[Camp Fleischer, Central Australia]
Arthur Fleischer watched the helicopters from Glen Helen circle the sacred mountain. They looked like dragonflies flitting and flying over the range.
He’d radioed on the CB late last night and Glen Helen had dispatched the helicopters at the first hint of dawn. Two police officers from the Mission had arrived and Arthur had gone through the motions of statements and likely scenarios with them. A couple of Indigenous trackers from the local station promised to help Nathan search, but by mid-morning, they still hadn’t arrived.
Arthur Fleischer had not slept. Nor had he eaten. Although, he pretended to do both. He didn’t want his son worrying. He witnessed Walter creeping into camp at goodness knows what hour. He witnessed the altercation between Walter and Nathan. Good grief, that guy’s a complete embarrassment! Arthur was ashamed to call him a friend. What a slime ball! And racist. He’d threatened to kill Nathan. So different from when they taught together down south. And how did Nathan just vanish? There one second…gone the next. What’s with that?
Nathan appeared with the first streaks of light at dawn. Briefly. Then he wandered off following Amie’s tracks.
Fleischer tapped his pocket. Keys still there. At least that’s some security in a very insecure situation. He pulled out his mobile phone, unlocked it, and peered at the screen. No bars, none whatsoever. This place, so isolated, forsaken, even by the Telstra network. ‘Damn!’ He cursed. ‘I can’t even call home to tell Carol what’s happening.’ He sighed and concluded. I suppose it’s for the best, don’t want her worrying.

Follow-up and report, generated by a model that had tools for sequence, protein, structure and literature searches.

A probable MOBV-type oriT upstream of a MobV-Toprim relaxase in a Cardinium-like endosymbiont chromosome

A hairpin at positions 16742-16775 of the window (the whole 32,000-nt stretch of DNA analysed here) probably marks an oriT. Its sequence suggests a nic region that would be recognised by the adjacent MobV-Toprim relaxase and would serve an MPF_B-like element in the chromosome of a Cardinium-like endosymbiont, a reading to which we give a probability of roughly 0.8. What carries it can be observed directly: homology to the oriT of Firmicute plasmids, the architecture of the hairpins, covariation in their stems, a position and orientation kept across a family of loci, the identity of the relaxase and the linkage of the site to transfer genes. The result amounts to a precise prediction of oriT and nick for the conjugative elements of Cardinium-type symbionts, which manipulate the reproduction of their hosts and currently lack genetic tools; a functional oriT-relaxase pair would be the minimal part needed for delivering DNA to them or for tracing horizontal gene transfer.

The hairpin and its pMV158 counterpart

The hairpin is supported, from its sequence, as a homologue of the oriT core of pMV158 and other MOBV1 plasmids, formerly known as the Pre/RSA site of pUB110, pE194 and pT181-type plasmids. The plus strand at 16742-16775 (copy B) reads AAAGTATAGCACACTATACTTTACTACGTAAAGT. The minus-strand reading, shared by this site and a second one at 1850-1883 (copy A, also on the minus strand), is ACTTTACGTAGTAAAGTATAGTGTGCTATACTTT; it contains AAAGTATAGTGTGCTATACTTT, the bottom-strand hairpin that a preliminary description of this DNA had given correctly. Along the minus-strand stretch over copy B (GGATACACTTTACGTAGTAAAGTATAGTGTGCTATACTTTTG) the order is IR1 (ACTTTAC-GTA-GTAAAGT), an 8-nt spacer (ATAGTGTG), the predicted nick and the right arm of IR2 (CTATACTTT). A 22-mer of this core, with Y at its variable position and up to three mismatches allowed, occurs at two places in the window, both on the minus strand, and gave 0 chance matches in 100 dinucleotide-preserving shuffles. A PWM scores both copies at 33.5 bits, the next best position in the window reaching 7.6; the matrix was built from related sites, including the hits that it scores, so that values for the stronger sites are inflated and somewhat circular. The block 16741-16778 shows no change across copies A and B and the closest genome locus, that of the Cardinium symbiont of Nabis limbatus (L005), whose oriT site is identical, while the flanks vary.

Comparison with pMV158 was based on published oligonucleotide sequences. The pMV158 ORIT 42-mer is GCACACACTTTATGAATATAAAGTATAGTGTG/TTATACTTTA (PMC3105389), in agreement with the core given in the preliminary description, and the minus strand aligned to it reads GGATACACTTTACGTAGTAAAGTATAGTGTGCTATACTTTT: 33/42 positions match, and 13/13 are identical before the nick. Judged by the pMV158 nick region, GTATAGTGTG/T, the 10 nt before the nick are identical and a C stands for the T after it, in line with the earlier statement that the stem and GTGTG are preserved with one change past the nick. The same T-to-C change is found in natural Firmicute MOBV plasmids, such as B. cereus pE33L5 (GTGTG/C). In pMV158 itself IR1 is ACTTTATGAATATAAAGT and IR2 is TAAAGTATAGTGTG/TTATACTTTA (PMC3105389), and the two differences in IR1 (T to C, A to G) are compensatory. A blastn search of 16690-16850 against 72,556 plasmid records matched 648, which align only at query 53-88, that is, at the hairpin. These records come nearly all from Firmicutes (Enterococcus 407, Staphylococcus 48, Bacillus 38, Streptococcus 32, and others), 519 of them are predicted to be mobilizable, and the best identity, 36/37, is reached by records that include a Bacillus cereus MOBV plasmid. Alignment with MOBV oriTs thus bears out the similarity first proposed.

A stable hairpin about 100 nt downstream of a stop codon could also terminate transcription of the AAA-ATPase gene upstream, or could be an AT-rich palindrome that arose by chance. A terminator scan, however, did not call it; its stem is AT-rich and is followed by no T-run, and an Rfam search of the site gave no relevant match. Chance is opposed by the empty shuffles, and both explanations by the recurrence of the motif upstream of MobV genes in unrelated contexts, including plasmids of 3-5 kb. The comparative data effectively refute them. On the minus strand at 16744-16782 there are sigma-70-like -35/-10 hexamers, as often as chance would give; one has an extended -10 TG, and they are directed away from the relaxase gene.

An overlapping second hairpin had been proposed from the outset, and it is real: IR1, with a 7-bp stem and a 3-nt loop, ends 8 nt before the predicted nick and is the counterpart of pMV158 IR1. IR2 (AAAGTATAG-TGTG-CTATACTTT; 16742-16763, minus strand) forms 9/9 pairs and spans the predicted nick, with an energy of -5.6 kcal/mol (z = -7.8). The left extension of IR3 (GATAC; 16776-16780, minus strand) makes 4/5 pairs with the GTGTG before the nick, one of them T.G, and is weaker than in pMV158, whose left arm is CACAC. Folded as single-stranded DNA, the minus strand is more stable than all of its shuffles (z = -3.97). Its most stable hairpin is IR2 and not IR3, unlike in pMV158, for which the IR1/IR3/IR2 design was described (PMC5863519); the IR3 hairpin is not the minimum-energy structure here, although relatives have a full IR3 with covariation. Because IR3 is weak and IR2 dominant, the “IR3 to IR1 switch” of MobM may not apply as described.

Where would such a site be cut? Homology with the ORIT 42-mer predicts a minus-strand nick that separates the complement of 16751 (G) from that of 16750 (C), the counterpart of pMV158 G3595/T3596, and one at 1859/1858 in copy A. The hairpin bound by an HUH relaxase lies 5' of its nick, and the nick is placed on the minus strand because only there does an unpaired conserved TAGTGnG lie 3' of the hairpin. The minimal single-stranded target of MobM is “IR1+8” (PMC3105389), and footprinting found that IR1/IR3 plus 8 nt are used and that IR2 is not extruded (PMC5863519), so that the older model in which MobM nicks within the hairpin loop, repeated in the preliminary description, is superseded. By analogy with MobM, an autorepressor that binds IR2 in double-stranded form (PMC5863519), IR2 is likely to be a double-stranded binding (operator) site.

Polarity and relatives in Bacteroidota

Walter sidled up to Adam and side by side, they ate their cornflakes. Walter seemed not to have a care in the known universe. Fleischer didn’t like the way Walter sat just a little too close to Adam—He’s just a little too friendly. How did this guy get to teach anywhere? Definitely something suspect…what if Walter had something to do with Amie’s disappearance?
Arthur strode up to Walter. ‘Time to get moving. You need to start searching for her.’
Walter rose. ‘But of course, I’ll check out the water-hole and beyond, shall I?’
‘Dad?’ Adam chipped in. ‘What about me? Can I go with Mr Wenke?’
Fleischer waved at the first fly of the morning. ‘No! You’re staying here with me. We’re minding the camp, in case Amie returns.’
Walter hung around like one of those pesky flies that stick to a person.
‘I said, ‘Go!’’ Arthur snapped. ‘Adam stays with me, today.’
‘Naw, but…can’t I help the police trackers?’ his son said.
Arthur narrowed his eyes at his “friend”. ‘Go Walter! You join the police trackers.’
Walter shrugged. ‘Are you sure you’ll be okay?’
‘I’ll be fine.’
Walter marched off in the direction of the waterhole. He appeared to boldly go where the two Northern Territory policemen had gone half an hour before.
Adam slouched on an inflatable mattress by the fire and played Tetris on Amie’s mobile phone. ‘Something’s seriously wrong, Amie would’ve never left her phone at camp and gone off,’ he said.
Arthur paced the clearing. Every step, every minute, wore a groove in his heart eroding hope.
© Lee-Anne Marie Kling 2017
Photo: Helicopter Over Sturt Gorge © Lee-Anne Marie Kling 2010